That’s because they serve as a food source for them. I’ve seen many a hungry hummingbird fly into my garden to feed off the blooms of my succulents. 

Echeveria flower blooms
Green Echeveria succulent flower blooms. The blooms are in a shade of orange and pink.

What Do Blooms Look Like on Non-Monocarpic Succulents?

I’ve often heard people say that they had no idea succulents produce flower blooms. I have to admit I didn’t either until I saw my first bloom many years ago. It was a glorious sight! 

These types of blooms are produced from succulents that flower but don’t die after blooming, such as Echeveria, Crassula, and Sedum.

These little flowers don’t happen often, though; succulents usually produce just one bloom a year. But they’re long-lasting! They can stay intact for several weeks. The succulents will live long after their first bloom.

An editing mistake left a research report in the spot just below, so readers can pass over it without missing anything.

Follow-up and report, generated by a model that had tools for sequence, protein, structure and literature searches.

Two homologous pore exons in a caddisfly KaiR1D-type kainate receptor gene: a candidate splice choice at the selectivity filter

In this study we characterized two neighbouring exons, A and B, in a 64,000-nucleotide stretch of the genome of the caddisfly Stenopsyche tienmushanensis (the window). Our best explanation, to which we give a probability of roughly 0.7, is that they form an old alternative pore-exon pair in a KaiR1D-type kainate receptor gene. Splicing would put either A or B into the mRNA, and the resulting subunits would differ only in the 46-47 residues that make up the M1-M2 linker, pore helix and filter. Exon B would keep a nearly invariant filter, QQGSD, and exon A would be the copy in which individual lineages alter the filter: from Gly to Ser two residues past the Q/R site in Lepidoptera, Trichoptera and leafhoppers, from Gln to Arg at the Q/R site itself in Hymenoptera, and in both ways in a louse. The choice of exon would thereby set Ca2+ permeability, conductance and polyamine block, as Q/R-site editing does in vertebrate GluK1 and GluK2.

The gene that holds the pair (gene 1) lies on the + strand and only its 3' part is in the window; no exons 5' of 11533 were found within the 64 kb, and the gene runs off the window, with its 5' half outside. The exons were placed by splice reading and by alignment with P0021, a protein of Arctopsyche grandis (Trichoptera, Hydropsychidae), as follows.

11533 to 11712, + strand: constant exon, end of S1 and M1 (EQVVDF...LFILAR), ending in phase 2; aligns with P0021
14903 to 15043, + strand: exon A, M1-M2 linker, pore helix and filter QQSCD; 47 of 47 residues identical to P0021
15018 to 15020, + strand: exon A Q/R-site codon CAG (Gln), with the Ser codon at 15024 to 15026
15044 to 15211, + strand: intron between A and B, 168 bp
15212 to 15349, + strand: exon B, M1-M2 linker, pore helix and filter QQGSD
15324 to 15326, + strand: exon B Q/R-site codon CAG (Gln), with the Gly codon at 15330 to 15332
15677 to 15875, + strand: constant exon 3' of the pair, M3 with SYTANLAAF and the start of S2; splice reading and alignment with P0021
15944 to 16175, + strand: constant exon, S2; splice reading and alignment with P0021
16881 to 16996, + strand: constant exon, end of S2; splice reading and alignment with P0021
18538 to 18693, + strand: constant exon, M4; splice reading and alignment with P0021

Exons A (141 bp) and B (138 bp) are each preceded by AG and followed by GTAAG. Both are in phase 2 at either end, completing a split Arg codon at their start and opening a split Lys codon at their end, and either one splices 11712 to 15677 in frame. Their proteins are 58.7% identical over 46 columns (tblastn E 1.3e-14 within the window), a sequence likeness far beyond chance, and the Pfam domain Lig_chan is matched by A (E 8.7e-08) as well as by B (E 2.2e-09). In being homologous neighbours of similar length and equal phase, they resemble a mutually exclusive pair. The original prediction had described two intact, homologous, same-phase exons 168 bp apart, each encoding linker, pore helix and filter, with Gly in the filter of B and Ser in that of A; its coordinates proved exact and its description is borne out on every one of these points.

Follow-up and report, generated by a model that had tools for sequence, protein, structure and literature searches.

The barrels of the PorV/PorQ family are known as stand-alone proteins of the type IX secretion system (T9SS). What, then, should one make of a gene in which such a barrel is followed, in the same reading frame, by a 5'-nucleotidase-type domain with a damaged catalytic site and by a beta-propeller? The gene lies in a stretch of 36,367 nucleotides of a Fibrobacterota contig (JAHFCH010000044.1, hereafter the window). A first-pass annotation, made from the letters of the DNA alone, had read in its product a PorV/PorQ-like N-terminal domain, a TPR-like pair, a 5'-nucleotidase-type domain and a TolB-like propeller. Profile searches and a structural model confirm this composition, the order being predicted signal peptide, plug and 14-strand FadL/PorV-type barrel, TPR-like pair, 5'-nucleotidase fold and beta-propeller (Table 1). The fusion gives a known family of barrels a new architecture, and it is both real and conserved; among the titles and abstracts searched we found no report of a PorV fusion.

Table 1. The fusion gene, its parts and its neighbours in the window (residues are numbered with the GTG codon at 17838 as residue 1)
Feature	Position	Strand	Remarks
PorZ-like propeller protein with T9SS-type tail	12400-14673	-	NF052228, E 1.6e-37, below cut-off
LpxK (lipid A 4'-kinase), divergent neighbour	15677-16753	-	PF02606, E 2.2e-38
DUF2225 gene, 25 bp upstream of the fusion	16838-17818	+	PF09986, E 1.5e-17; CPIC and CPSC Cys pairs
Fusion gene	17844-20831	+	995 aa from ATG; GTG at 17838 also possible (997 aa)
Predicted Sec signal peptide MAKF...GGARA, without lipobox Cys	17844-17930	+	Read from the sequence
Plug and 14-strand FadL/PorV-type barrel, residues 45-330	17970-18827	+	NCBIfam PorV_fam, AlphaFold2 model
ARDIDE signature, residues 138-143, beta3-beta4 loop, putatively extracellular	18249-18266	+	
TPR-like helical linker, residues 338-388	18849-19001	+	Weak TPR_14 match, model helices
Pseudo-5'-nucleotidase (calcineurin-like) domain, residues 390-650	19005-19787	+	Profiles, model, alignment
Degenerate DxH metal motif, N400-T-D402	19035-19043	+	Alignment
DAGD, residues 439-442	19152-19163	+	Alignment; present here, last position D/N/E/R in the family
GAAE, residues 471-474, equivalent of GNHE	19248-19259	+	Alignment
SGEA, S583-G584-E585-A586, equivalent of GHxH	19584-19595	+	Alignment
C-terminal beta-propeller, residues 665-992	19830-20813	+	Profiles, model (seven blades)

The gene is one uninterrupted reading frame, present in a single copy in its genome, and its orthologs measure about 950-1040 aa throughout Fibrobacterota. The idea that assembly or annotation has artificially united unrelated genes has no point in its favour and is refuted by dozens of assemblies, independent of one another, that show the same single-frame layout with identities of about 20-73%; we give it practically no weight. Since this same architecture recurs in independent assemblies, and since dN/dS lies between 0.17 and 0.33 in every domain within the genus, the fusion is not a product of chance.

Echeveria Succulent in Bloom

Non-monocarpic succulents produce blooms that look different than death blooms. Most importantly, these flower blooms grow from the side of the succulent, not the middle, on a single flower stalk.

Once you see them both and understand how to identify them, you’ll be able to quickly notice the difference between monocarpic blooms and succulent flowers from plants that live on after flowering.

Note the side-by-side difference in the photos below. 

This Echeveria is in bloom.To produce these beautiful blooms, the plant needs to get a lot of light.

If it doesn’t get enough light, your rosette simply won’t have enough energy to flower and also produce new succulent leaves. This may happen if you’re growing it indoors; indoor succulents are less likely to bloom.